I'm trying to identify a book I read back in the late 1970s or early 1980s. It was a paperback science fiction anthology . . . The book's cover might have an illustration of a frog-like alien with tentacles, but I'm not sure about that detail.
This Side of Infinity, a 1972 paperback anthology edited by Terry Carr.
. . . and all I distinctly remember is two of the stories in it. One was a police story in which two officers rescue parents being held for ransom by their own young children, who have barricaded themselves in their home using high-tech toys as weapons.
"Toys", a short story by Tom Purdom:
"I had the computer call everybody in a twenty-house radius," the dispatcher said. "The reports are coming in now. Ten to twelve children have taken the Rice family hostage. They seem to be led by the Rice's nine year old son, Tim. Their main weapons seem to be their pets, but they may have other weapons inside the house. They want a committee of three parents to enter the house and negotiate with them, but they won't say what they want."
The "pets" are not dogs and cats, they are modified gorillas, elephants, tigers, and dragons. (Well, the "dragons" are modified lizards.) The high-tech toys include a "gravity changer".
The second was about an alien spy
"The Reality Trip", a short story by Robert Silverberg, first published in If, May–June 1970, available at the Internet Archive:
My daily routine rarely varies. I rise at seven. First Feeding. Then I clean my outer skin (my outer one, the Earthskin, I mean) and dress. From eight to ten I transmit data to Homeworld. Then I go out for the morning field trip: talking to people, buying newspapers, often some library research. At one I return to my room. Second Feeding. I transmit data from two to five. Out again, perhaps to the theater, to a motion picture, to a political meeting. I must soak up the flavor of this planet. Often to saloons—I am equipped for ingesting alcohol, though of course I must get rid of it before it has been in my body very long—and I drink and listen and sometimes argue. At midnight back to my room. Third Feeding. Transmit data from one to four in the morning. Then three hours of sleep and at seven the cycle begins anew. It is a comforting schedule. I don't know how many agents Homeworld has on Earth but I like to think I'm one of the most diligent and useful. I miss very little.
who lives in disguise inside a mechanical human body,
And the outer body I must wear. This cunning disguise. Forever to be swaddled in thick masses of synthetic flesh, smothering me, engulfing me. The soft slippery slap of it against the self within. The elaborate framework that holds it erect, by which I make it move—a forest of struts and braces and servoactuators and cables, in the midst of which I must unendingly huddle, atop my little platform in the gut.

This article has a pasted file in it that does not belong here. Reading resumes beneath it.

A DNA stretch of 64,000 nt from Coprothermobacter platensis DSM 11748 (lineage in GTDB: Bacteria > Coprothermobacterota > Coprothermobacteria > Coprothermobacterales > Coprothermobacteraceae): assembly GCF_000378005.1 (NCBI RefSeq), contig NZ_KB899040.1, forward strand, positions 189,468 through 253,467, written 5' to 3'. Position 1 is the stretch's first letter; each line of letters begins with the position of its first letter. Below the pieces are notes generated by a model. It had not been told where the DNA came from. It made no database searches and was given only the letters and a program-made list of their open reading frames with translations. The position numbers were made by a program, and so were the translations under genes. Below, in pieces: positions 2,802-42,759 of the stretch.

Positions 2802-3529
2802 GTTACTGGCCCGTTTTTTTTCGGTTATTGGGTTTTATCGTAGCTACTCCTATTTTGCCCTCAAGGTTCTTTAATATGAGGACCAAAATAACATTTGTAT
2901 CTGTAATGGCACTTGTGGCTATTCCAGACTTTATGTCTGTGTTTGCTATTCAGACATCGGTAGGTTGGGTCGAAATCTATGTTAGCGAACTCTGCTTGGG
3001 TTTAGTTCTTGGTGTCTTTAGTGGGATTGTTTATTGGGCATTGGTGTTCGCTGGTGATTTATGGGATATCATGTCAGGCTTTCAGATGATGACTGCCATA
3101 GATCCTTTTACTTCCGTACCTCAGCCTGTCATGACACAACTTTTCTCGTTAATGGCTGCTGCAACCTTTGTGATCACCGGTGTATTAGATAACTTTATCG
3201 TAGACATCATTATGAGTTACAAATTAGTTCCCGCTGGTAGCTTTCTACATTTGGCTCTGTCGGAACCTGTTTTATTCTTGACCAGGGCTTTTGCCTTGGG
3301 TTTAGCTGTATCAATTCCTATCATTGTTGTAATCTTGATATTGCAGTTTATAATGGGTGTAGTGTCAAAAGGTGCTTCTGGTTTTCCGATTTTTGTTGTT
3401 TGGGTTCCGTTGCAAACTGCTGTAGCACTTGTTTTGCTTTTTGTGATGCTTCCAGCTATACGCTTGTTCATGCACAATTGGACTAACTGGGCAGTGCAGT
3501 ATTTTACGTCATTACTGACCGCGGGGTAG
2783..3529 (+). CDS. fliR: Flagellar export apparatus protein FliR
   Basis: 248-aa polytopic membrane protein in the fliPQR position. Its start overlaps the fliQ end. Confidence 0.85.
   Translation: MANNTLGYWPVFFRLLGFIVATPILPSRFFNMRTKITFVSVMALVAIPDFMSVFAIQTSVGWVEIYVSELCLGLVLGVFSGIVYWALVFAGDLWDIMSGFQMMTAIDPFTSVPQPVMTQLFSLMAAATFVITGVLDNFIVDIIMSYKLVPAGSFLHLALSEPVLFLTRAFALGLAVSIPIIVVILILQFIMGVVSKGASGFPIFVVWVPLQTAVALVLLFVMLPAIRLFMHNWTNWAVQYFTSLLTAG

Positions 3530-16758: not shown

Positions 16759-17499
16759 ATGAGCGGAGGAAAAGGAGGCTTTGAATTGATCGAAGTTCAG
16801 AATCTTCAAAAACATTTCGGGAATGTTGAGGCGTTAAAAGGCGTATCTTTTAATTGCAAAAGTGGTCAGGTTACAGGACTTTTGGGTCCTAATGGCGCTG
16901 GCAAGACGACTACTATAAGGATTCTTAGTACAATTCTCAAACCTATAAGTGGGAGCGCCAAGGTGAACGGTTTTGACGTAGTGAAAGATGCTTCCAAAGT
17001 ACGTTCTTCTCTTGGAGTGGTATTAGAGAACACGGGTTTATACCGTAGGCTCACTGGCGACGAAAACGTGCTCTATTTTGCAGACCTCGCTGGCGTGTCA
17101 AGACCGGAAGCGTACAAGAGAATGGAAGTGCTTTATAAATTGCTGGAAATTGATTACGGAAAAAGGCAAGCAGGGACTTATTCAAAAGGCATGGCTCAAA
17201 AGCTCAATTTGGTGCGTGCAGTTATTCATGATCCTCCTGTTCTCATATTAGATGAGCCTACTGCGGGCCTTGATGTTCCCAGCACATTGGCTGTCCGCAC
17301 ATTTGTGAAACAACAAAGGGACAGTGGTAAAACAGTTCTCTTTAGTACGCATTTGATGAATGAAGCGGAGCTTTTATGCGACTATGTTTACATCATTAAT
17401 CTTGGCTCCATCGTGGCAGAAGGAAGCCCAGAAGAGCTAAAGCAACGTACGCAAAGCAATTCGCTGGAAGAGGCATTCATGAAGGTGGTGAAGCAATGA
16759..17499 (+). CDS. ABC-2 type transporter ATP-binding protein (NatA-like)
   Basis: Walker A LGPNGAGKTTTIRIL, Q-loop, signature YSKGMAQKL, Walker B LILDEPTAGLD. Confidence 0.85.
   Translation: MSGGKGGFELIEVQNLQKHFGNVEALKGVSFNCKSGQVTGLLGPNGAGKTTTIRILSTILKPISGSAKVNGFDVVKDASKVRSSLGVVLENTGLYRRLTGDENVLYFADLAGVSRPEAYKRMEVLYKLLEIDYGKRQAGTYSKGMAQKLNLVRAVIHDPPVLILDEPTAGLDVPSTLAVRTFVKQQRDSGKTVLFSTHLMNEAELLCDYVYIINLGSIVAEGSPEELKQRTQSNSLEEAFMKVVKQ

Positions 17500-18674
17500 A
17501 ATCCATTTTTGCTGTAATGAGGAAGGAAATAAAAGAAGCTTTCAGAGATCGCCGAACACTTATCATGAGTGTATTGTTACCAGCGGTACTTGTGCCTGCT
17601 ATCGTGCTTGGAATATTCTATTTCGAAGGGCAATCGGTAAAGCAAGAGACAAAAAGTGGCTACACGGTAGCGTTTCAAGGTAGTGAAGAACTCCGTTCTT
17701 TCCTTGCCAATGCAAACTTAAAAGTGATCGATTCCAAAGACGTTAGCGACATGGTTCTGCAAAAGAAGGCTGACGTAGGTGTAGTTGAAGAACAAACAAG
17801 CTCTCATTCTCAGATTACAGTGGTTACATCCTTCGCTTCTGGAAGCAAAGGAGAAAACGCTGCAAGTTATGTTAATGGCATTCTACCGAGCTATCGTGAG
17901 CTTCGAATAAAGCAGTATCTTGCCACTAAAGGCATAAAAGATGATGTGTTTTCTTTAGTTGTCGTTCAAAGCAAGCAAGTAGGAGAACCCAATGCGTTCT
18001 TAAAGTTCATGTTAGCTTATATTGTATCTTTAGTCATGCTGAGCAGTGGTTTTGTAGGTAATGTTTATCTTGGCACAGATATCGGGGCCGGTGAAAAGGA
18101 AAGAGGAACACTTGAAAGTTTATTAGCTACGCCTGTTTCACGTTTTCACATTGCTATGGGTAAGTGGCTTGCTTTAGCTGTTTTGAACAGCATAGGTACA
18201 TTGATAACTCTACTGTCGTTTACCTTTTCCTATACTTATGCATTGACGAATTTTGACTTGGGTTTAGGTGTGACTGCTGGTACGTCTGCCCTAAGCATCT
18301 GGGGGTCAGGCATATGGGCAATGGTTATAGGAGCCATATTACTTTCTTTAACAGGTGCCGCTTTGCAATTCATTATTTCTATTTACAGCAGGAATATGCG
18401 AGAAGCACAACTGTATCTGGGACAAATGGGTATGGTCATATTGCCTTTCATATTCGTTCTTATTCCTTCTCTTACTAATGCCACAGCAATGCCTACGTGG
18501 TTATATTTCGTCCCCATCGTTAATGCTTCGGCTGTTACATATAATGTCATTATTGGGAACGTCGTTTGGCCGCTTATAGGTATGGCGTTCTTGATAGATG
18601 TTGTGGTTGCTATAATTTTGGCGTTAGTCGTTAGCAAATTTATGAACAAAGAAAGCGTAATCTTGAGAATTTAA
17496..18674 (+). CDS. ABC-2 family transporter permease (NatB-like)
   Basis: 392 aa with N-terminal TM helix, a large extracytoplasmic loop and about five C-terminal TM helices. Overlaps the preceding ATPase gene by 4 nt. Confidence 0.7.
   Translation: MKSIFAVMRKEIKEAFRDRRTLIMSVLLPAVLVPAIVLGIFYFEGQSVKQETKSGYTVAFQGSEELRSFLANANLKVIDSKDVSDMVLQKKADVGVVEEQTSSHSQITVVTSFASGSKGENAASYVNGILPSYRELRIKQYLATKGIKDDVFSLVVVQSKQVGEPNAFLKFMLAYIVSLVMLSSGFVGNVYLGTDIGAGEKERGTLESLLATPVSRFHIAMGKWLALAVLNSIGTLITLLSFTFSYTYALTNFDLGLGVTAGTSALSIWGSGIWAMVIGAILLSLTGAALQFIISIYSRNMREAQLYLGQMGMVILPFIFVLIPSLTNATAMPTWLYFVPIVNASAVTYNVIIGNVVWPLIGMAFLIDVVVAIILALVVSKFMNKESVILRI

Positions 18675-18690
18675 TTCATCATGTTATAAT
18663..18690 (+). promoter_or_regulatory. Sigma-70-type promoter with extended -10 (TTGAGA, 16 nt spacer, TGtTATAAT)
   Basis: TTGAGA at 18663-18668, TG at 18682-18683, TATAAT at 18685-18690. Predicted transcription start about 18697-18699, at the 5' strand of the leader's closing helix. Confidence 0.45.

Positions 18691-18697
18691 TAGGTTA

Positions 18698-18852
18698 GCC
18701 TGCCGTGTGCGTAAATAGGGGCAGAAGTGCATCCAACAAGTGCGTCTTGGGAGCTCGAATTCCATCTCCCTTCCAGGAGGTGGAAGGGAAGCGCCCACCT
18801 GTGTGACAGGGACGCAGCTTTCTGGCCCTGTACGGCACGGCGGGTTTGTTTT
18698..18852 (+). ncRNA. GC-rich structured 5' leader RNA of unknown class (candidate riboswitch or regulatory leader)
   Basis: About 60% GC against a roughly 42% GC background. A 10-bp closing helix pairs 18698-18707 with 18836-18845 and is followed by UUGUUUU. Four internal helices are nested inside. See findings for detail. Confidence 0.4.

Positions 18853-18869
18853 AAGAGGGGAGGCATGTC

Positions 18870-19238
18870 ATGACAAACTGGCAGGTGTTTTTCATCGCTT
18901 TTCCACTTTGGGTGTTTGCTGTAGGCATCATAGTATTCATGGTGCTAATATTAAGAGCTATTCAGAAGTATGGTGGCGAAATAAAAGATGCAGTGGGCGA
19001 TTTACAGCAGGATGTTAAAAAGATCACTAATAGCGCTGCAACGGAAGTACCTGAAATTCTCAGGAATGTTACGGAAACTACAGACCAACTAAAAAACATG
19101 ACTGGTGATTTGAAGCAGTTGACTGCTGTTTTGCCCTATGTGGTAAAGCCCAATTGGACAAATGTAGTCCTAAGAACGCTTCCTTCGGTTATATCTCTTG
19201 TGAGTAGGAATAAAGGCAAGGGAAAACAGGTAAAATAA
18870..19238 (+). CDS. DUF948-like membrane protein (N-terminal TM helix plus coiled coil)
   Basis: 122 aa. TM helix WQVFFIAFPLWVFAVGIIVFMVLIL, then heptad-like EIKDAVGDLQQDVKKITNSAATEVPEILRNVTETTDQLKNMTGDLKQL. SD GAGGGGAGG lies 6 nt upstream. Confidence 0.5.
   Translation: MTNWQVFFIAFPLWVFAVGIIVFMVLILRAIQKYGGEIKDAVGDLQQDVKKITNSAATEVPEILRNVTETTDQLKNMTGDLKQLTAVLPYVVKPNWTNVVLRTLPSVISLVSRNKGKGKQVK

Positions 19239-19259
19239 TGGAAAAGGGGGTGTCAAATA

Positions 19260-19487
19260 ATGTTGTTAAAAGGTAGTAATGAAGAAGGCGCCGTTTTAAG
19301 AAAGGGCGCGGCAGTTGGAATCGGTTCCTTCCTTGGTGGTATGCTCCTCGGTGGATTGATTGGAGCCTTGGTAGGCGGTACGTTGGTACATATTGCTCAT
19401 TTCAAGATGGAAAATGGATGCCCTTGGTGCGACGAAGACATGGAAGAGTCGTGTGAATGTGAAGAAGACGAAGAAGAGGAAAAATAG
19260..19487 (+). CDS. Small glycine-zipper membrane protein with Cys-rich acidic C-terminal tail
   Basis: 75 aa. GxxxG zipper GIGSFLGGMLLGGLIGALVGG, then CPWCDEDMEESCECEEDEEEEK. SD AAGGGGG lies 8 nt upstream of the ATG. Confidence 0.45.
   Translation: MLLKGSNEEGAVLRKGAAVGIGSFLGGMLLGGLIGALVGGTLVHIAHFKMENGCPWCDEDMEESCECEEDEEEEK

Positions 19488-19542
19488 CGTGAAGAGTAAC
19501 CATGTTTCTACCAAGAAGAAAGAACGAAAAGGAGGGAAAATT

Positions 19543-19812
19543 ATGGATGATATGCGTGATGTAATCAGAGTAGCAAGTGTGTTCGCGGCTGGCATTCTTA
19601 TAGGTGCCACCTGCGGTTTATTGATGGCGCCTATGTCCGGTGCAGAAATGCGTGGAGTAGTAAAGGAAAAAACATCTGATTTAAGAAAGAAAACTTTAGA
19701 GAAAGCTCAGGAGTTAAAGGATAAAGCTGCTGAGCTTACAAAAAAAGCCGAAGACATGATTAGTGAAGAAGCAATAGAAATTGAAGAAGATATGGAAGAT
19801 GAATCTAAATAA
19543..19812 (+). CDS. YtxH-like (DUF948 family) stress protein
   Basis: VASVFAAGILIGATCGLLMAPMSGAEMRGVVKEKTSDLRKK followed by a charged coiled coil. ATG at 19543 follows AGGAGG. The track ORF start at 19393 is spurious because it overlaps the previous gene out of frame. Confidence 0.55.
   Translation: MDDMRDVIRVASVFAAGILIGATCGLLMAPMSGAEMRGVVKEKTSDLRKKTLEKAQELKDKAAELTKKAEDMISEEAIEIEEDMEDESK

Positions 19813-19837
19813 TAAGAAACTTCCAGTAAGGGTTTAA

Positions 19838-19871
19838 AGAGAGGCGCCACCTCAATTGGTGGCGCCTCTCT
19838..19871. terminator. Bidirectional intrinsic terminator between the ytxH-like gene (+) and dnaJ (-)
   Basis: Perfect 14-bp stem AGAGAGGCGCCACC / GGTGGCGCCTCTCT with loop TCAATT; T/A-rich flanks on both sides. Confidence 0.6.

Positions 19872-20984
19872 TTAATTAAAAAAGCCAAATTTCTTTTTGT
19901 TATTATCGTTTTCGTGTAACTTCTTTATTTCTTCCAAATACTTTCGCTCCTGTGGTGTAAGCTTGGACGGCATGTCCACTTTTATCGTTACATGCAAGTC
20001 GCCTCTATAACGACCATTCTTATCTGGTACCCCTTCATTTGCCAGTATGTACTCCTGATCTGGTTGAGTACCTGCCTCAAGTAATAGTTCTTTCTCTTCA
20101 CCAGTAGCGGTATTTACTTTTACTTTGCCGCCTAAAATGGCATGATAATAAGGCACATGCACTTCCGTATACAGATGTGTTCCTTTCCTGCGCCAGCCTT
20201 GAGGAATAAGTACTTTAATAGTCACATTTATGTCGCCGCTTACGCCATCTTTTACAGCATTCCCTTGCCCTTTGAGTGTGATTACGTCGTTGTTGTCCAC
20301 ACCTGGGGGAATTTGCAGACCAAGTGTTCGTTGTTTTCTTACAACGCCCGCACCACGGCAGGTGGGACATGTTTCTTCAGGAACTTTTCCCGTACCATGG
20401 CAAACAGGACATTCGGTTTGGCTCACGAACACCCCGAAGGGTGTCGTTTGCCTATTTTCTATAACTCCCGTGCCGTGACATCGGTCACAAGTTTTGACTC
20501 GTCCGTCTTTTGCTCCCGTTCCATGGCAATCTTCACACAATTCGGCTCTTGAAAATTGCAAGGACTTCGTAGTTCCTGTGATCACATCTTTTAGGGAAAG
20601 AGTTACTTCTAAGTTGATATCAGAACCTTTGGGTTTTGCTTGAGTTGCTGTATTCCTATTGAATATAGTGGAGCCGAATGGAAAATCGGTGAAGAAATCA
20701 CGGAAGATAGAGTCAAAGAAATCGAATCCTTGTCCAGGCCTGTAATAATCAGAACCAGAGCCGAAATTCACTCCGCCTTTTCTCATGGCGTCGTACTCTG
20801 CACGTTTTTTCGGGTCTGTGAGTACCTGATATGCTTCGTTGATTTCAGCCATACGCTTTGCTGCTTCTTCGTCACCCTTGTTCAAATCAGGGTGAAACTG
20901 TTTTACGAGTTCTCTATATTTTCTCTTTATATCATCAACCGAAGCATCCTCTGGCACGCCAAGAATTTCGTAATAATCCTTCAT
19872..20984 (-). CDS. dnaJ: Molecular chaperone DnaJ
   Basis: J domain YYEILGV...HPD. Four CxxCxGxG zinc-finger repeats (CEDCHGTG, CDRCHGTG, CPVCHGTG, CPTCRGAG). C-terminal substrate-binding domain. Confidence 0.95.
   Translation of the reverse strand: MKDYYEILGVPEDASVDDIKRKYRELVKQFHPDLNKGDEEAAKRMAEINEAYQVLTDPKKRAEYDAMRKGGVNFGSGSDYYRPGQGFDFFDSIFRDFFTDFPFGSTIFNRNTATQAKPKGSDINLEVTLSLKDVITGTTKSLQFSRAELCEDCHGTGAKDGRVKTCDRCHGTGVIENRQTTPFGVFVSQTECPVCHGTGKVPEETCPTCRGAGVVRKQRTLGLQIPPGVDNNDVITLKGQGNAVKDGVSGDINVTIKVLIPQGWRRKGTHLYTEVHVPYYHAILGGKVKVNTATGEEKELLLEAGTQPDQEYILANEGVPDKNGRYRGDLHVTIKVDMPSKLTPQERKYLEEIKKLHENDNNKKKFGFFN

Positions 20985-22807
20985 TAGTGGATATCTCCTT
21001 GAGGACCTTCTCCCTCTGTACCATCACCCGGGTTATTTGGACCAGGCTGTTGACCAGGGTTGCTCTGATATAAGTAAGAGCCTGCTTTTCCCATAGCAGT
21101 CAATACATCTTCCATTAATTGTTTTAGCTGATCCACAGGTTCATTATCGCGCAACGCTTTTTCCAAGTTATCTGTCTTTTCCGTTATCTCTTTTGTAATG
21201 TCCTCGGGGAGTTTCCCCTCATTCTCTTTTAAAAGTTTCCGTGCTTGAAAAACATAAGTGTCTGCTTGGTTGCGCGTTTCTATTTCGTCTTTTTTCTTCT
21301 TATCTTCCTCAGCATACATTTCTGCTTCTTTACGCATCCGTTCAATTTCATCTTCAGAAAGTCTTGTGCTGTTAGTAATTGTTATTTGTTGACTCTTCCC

and who is pursued romantically by his female neighbor.
I am a redemption project for her. She lives on my floor of the hotel, a dozen rooms down the hall: a lady poet, private income. No, that makes her sound too old, a middle-aged eccentric. Actually she is no more than thirty. Taller than I am, with long kinky brown hair and a sharp, bony nose that has a bump on the bridge. Eyes are very glossy. A studied raggedness about her dress—carefully chosen shabby clothes. I am in no position really to judge the sexual attractiveness of Earthfolk but I gather from remarks made by men living here that she is not considered good-looking. I pass her often on my way to my room. She smiles fiercely at me. Saying to herself, no doubt, You poor lonely man. Let me help you bear the burden of your unhappy life. Let me show you the meaning of love, for I, too, know what it is like to be alone. . . .
Initially rebuffing her advances, he even reveals his true appearance to her, but she still insists she loves him,
This is unreal and dreamlike to me. I have revealed myself, thinking to drive her away in terror; she is no longer aghast, and smiles at my strangeness. She kneels to get a better look. I move back a short way. Eyestalks fluttering—I am uneasy. I have somehow lost the upper hand in this encounter.
She says, "I knew you were unusual, but not like this. but it's all right. I can cope. I mean, the essential personality, that's what I fell in love with. Who cares that you're a crab-man from the Green Galaxy? Who cares that we can't ever be real lovers? I can make that sacrifice. It's your soul I dig, David. Go on. Close yourself up again. You don't look comfortable this way." The triumph of love. She will not abandon me, even now. Disaster. I crawl back into Knecht and lift his arms to his chest to seal it. Shock is glazing my consciousness: the enormity, the audacity. What have I done? Elizabeth watches, awed, even delighted. "Listen," she tells me, "you can trust me. I mean, if you're some kind of spy, checking out the Earth, I don't care. I don't care. I won't tell anybody. Don't you see? This is the biggest thing that ever happened to me. A chance to show that love isn't just physical, isn't just chemistry, that it's a soul trip, that it crosses not just racial lines but the lines of the whole damned species, the planet itself—"
and he eventually falls in love with her as well and severs contact with his home world.
Let me admit the truth: I love her.
January 1. The new year begins. I have sent my resignation to Homeworld and have destroyed my ultrawave equipment. The links are broken. Tomorrow, when the city offices are open, Elizabeth and I will go to get the marriage license.